05-04-2011, 07:26 PM
What to use as backers, 1x4's?

Anything that you can glue solidly. Pieces of cheap plywood are probably most cost effective.

05-04-2011, 08:00 PM
I have been using the construction glue because the ceiling is already finished and my arms were not long enough to reach up into the attic and hold the 2x4 while also screwing it in from the underside!:)

I have all of the scraps glued in place...thankfully it was about 50F outside yesterday so the attic was actually quite cool and pleasant! But then again, since I am in east TN, I am just glad I HAVE a roof after the tornados last week.

I have scraped the old tape off two of the seams (42' long each) and screwed it about every 6 inches. I noticed that there was no noticable movement between the drywall sheets near the joists, but between the joists I saw some movement as the screws tightened the 2x4 backer down against the drywall.

As others have also stated, my thinking was to draw the seams tight so the entire ceiling would move and act as one large piece of drywall. Time will tell.

I spent a lot of time making sure my original seams were smooth and as near to perfect as a novice (and perfectionist) could make is killing me to tear out these seams and start over. I had originally thought about putting some backers against these seams when I put the drywall up last year but talked myself out of it.

Thanks for the ideas...I will let everyone know how it turns out...probably take me a couple of weeks to get it all done, remudded-and-taped, and primed.

05-05-2011, 01:28 AM
What was used as drywall tape? I've seen the fiberglass tape crack in the joints. My experience with the old style paper tape has been better.

05-05-2011, 08:59 AM
I used paper-tape and premixed general-purpose low-dust mud.

05-05-2011, 10:14 AM
I've used mesh tape and Durabond on my garage wall joints and they cracked. I think the backer may be the solution to many of these issues (although it can't be done on walls).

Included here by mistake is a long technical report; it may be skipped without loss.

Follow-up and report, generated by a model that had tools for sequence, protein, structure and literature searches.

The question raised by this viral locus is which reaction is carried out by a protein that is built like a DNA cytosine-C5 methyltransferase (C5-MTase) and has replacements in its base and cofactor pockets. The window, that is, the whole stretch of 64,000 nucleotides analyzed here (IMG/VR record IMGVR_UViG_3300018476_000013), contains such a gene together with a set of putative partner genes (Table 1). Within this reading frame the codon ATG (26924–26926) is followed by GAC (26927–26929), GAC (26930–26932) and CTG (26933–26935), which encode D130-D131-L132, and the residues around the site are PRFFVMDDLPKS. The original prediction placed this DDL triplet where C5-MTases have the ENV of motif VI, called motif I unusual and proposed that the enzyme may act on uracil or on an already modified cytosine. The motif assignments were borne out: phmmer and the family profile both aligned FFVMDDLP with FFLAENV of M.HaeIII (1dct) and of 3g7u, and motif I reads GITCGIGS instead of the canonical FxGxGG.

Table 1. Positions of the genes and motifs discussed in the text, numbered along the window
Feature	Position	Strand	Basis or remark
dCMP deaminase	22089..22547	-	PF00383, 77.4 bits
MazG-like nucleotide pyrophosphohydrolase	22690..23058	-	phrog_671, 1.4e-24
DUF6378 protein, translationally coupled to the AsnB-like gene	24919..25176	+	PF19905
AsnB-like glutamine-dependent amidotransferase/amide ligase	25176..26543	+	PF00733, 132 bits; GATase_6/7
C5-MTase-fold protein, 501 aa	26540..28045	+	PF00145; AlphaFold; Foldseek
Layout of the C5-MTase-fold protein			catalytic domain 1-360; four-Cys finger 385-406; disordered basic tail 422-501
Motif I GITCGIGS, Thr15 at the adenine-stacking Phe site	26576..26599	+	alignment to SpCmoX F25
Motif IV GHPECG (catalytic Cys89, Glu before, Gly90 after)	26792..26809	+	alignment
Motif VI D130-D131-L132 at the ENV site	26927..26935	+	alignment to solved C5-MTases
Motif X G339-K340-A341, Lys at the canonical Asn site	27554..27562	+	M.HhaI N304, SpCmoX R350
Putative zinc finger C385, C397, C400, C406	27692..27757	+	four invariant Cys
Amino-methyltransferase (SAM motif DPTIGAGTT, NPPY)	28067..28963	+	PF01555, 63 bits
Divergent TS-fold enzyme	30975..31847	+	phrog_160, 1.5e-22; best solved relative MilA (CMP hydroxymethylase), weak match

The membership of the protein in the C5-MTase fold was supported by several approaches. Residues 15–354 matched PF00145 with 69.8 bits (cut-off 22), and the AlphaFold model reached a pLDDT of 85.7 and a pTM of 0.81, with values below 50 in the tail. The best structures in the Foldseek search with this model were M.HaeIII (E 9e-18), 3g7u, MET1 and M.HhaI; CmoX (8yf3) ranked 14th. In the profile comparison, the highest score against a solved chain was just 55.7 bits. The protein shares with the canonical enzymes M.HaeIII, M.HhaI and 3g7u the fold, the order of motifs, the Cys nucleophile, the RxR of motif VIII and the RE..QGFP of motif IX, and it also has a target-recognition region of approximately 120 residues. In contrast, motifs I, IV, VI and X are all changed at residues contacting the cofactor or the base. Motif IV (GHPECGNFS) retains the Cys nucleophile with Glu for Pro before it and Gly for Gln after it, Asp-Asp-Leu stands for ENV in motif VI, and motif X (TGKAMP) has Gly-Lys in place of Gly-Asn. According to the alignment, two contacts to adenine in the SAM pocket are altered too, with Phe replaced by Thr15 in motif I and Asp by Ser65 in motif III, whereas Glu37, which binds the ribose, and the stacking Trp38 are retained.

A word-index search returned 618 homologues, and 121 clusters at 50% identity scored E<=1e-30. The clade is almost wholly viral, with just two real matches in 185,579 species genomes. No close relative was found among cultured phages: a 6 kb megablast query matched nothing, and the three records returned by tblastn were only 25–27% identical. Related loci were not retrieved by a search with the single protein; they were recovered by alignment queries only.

05-05-2011, 11:15 AM
The best and final way to address this is to have drywall professional come and put an expansion joint in.

05-05-2011, 12:48 PM
Same issue in my garage. What i did is run a bead of white paintable silicone caulk in the crack used my finger to smooth it out flush, and have never had a problem since (2+yrs). Probably not the "best" approch but you can't tell I fixed it and it flexes with the rest of the drywall.

05-27-2011, 08:00 PM
I finished up repainting the ceiling this afternoon. I put in the backer-studs and screwed them down. It really does look good. It was a fair bit of work to redo the seams...roughly 200 feet all totaled, but I am really glad I did it.

Time will tell if it will crack again, but I think that since it is all tied together along the entire length of each seam, there is no way I can get any relative movement between the sheets of drywall.

05-27-2011, 08:33 PM
First of all,stop useing that premix crap and get some hot mud. I always tape with 210,and finish with 90. Fill the seams with mud BEFORE you tape with paper tape,no mesh. Mesh is for imbedding in repairs,not seams. If you want to skim coat with pail mud,dont use the HD or Lowes stuff,get some real topping from a drywall supply store. I would put a couple 3 1/2" screws in the blocks as well.

I agree with turbomax and would suggest that at least 2 - 3 1/2" screws in each end of the 2X4's from the outside of the truss.
Just my $ .02